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astro124
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### Re: Astronomy C

Thanks for the all the help guys. I've already started chipping away at some of the equations but first I need to finish my DSO research (trying to get as much info as I can).

However I do have one more question. How are you able to determine the distance to an object just by knowing the length of an image of it in parsecs (example on the Northview 2013 Test)? Also can you use the arcseconds of a DSO's image to calculate the length of the object in parsecs or LY?
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AlphaTauri
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### Re: Astronomy C

Uhh, there are two questions on Northview that both kind of deal with finding distance from angular measurements...

If you mean 1c, that one uses the parallax formula: $D=\frac { 1 }{ p" }$, where D is distance in parsecs and p" is the parallax angle in arcseconds.

Therefore, $D=\frac { 1 }{ 5.89\quad *\quad { 10 }^{ -3 }\quad arcsec } =170.\quad pc$

If you mean 2b, this one involves the small-angle formula, $\frac { angular\quad diameter\quad (arcsec) }{ 206265" } =\frac { linear\quad diameter }{ distance }$.

We can guesstimate that V838 is about 70" across from the image. To get its linear diameter, we approximate that it has been expanding for 2.89E7 seconds - from this - and then multiply that by the speed of light, 3E8 m/s, since this is a light echo and the only thing "moving" is light. This gets us a radius of 8.67E15 m, which we'd then multiply by 2 to get the diameter. (I'm not being very precise here, since the key also makes some pretty significant approximations, notably in the expansion time.)

Therefore, $\frac { 70" }{ 206265" } =\frac { 2(8.67*{ 10 }^{ 15 }m) }{ distance }$

And we solve for distance, which turns out to be 5.11E19 m.
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BigD47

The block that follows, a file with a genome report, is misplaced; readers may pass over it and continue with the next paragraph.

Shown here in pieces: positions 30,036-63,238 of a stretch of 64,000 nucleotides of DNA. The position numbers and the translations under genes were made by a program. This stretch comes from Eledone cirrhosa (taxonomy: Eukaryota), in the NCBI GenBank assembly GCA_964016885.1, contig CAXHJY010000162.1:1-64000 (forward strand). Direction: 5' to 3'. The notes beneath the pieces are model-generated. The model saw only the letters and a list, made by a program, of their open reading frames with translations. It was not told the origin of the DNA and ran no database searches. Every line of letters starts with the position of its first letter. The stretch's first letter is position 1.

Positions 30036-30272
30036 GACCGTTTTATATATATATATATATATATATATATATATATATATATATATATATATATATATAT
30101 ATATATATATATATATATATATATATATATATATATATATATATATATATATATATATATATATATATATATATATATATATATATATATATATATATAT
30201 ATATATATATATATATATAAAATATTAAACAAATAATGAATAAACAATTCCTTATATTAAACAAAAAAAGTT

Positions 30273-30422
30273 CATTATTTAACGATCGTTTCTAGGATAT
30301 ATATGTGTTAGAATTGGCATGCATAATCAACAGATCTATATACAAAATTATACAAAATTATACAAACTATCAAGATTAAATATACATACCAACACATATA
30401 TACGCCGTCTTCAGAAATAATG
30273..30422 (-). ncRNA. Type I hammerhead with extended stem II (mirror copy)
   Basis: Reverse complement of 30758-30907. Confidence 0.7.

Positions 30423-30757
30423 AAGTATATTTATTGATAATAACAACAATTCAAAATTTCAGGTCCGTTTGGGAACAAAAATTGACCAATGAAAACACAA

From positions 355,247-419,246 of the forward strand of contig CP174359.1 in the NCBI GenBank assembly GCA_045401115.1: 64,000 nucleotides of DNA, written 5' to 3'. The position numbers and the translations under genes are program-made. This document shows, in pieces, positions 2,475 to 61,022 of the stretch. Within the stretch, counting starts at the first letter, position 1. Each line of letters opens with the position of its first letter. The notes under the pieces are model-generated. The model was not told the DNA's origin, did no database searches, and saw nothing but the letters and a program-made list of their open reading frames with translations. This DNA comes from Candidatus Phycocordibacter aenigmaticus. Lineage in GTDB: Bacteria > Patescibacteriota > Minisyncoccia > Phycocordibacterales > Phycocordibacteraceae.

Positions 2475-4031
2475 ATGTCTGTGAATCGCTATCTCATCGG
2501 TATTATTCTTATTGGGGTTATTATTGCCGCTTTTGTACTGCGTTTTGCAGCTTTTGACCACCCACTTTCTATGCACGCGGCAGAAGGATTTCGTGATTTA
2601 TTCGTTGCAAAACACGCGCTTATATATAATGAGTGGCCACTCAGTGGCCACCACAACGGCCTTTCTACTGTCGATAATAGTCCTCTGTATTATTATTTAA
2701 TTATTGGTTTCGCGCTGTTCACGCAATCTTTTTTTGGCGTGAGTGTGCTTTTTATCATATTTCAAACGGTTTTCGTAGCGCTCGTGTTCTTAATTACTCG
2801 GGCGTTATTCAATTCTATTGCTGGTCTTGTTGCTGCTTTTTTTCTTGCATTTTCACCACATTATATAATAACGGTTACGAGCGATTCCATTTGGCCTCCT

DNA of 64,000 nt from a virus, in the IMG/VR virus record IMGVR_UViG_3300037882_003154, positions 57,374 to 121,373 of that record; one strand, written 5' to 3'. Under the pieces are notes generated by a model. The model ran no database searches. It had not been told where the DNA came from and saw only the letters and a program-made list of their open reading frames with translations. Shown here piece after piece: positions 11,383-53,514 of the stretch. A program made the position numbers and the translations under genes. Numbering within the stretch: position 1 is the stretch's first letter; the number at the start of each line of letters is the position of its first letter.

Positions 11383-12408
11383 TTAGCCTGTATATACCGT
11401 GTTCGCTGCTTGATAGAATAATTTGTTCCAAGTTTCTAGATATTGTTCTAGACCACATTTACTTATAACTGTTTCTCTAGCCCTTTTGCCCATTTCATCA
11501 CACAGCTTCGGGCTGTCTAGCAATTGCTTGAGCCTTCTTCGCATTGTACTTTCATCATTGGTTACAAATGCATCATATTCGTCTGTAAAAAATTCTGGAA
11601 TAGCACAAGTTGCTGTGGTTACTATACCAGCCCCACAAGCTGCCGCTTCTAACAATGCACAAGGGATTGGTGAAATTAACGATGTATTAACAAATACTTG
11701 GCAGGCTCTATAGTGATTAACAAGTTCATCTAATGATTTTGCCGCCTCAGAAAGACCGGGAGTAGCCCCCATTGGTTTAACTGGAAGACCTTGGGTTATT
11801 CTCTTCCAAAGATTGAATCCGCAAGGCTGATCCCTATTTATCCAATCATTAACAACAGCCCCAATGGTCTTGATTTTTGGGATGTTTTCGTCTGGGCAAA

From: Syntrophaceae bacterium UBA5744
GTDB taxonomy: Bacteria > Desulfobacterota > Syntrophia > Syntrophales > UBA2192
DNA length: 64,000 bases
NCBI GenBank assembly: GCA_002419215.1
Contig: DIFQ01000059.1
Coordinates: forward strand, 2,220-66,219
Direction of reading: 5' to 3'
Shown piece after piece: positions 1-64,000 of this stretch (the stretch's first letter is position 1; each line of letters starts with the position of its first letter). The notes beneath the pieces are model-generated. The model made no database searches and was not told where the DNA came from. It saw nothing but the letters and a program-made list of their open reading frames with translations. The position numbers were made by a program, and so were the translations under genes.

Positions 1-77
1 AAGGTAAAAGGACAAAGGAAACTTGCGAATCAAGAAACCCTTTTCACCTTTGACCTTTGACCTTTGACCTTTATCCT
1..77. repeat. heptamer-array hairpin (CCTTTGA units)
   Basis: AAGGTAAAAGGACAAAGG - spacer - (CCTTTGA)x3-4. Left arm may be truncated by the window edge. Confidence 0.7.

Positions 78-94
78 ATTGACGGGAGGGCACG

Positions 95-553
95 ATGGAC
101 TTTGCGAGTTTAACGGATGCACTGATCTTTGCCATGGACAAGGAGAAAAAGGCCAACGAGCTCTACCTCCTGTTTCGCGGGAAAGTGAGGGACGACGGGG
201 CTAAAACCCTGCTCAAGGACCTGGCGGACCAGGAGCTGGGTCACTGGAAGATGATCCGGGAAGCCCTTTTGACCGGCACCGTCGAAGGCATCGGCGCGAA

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### Re: Astronomy C

Does anyone know any good resource books for Astronomy?

syo_astro
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### Re: Astronomy C

BigD47 wrote:Does anyone know any good resource books for Astronomy?
I believe we've said some already. There are tons of good college websites online, and we've also said that an amazing textbook for the event is An Introduction to Modern Astrophyiscs by Carrol and Ostlie. There may be some other books, but quite a few things for the event can be found online, and some textbooks in fact aren't necessarily any better for what you need (information for the DSOs, for example, is generally supposed to come from online reaserch). If you looked throughout this thread you'd be able to see many of the major sites posted. Are you just more adamant for reading? I guess I could try to look some up, but ask. Hope that helps, good luck!
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astro124
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### Re: Astronomy C

AlphaTauri,

Why did you say for problem 2b, it was 70 arcseconds instead 90 arcseconds (the image says 90). Also, wouldn't there be an easier way of just using LY or parsecs to put your answer in (I'm not talking about converting once you get your solution at the very end, but rather converting at the very beginning).

Also, for the problem 2d , do you know why the instructor squared the radius and temperature?

Finally, how do use Cepheids to calculate distance.